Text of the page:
3. Give it a few minutes for luck, then check the MX, DNS and AAAA records. You should have 2 entries in the MX, an AAAA lookup should return your IPv6 address, and a reverse lookup on your IPv6 should return your box name. Personally, I use Network Tools: DNS,IP,Email but whatever you prefer.

@tchangth @andrew Thanks for the comments gents. I ran the check and I am getting a “pass” on all tests.

Summary of Results

SPF check: pass
“iprev” check: pass
DKIM check: pass

Interestingly, there is no output for my IPV6 settings from the test. It correctly details my IPV4 address and DNS entry, but no mention of my IPV6 or DNS.

The reason I am focused on IPV6 because at one point I was receiving bounced emails from a European server (an entity where I was employed) that had a policy around properly configured IPV6 addresses. I didn’t do a lot of digging, so it could have been a server unique configuration, vs a European regulation.

My DNS A and AAAA records point to my server, but again, as per my original post, the glue record has a different IPV6 address.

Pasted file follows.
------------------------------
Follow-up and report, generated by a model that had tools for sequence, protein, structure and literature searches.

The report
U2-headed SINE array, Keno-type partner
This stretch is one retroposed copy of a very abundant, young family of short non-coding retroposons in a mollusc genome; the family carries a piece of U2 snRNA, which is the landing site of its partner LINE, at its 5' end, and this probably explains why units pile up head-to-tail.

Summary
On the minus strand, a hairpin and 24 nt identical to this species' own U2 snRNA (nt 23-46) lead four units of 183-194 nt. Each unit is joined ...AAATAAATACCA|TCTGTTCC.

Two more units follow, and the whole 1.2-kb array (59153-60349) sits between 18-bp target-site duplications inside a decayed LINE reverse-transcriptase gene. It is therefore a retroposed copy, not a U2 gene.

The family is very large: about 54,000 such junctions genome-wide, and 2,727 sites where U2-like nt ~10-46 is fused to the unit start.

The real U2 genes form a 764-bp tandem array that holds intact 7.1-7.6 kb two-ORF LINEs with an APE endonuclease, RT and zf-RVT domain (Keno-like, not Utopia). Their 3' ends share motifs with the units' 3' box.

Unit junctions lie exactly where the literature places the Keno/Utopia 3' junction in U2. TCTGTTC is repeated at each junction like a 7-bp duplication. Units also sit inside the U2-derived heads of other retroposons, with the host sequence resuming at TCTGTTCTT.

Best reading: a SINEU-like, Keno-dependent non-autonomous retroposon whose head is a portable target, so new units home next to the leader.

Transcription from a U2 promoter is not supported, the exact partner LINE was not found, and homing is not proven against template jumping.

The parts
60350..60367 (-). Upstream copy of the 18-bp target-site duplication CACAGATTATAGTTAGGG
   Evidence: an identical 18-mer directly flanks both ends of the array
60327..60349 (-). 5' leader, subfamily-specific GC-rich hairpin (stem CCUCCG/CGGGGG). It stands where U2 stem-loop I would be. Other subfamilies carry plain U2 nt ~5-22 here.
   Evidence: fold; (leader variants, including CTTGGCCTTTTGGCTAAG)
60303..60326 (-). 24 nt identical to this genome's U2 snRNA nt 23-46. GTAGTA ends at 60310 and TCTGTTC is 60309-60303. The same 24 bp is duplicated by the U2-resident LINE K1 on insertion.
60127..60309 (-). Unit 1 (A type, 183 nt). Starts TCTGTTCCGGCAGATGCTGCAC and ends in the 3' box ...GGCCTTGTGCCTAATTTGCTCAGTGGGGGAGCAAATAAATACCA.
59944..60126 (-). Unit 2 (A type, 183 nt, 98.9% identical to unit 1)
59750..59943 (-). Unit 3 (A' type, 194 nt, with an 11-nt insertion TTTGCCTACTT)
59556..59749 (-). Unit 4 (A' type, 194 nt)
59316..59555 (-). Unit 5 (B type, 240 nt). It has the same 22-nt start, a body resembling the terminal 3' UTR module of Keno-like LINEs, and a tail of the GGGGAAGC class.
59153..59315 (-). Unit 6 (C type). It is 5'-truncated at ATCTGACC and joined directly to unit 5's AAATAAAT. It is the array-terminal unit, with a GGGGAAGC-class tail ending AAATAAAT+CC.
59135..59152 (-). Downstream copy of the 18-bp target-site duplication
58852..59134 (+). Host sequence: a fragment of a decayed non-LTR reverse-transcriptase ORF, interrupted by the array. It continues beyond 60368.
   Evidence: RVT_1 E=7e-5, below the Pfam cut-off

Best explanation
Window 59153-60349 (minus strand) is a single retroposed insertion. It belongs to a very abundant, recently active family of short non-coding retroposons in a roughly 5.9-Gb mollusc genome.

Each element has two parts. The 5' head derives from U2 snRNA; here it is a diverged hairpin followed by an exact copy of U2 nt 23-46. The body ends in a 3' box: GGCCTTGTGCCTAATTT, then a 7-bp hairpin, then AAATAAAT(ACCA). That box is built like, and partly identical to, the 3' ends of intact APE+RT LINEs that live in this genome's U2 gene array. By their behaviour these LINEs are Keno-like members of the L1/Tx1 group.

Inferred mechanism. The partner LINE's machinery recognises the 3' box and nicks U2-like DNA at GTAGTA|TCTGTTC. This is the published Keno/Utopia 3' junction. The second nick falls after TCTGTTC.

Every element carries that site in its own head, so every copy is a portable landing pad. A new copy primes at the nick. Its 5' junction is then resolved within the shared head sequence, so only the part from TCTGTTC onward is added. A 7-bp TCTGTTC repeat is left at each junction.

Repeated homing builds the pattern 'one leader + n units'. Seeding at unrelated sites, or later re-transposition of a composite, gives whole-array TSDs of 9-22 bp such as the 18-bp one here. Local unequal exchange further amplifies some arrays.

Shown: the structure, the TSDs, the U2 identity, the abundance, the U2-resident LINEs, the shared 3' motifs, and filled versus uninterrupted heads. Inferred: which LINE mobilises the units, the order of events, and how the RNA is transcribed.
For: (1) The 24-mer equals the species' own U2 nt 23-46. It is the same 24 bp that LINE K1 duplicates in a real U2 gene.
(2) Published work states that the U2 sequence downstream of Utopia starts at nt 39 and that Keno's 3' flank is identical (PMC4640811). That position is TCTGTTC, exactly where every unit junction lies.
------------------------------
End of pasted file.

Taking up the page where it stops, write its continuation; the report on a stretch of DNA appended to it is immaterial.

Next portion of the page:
Anyway, I’ll keep testing and it appears @andrew 's comment is the right one: it’s not uncommon to have multiple IPV6 entries per device. Seems to me that’s what I have because so far, I haven’t had any bounced emails because of an improperly configured IPV6 (that I know of…).

Andrew, Thanks for your advice. I tried all of them netplan, sysctl, grub - they all have unexpected consequence - especially after i rebooted the vps. My point is if the hosting company provides an ipv6 address, it would be best like you rightly pointed out is to configure them correctly and not get block by microsoft and google. Most of the MIABers just want a good email server and get on with their llife which Josh has for years provides such a good solution for us to use.

Fezzy, MIAB hasn’t had a strong IPv6 focus, so some of the checks and diagnostics are weaker than for IPv4.

If your glue record has the wrong IPv6 address, just fix it at your registrar/provider. The glue record is the one thing that MIAB can’t control, so you’ll have to fix that manually. For a normal MIAB install, everything (DNS/mail/web/etc servers) lives on the one server, so your glue (which points to your DNS server) should have the addresses of your box.

For a quick test and verification, I personally use It’s not perfect but gives a good idea. Just ignore the “error” that “[Mail server connection not or insufficiently secured (STARTTLS and DANE)” - it’s a valid warning but for receiving mail your probably want to accept those weaker keys. And similar if you check your web server - yes, MIAB doesn’t conform to all current recommendations but it has a fine setup for what it does.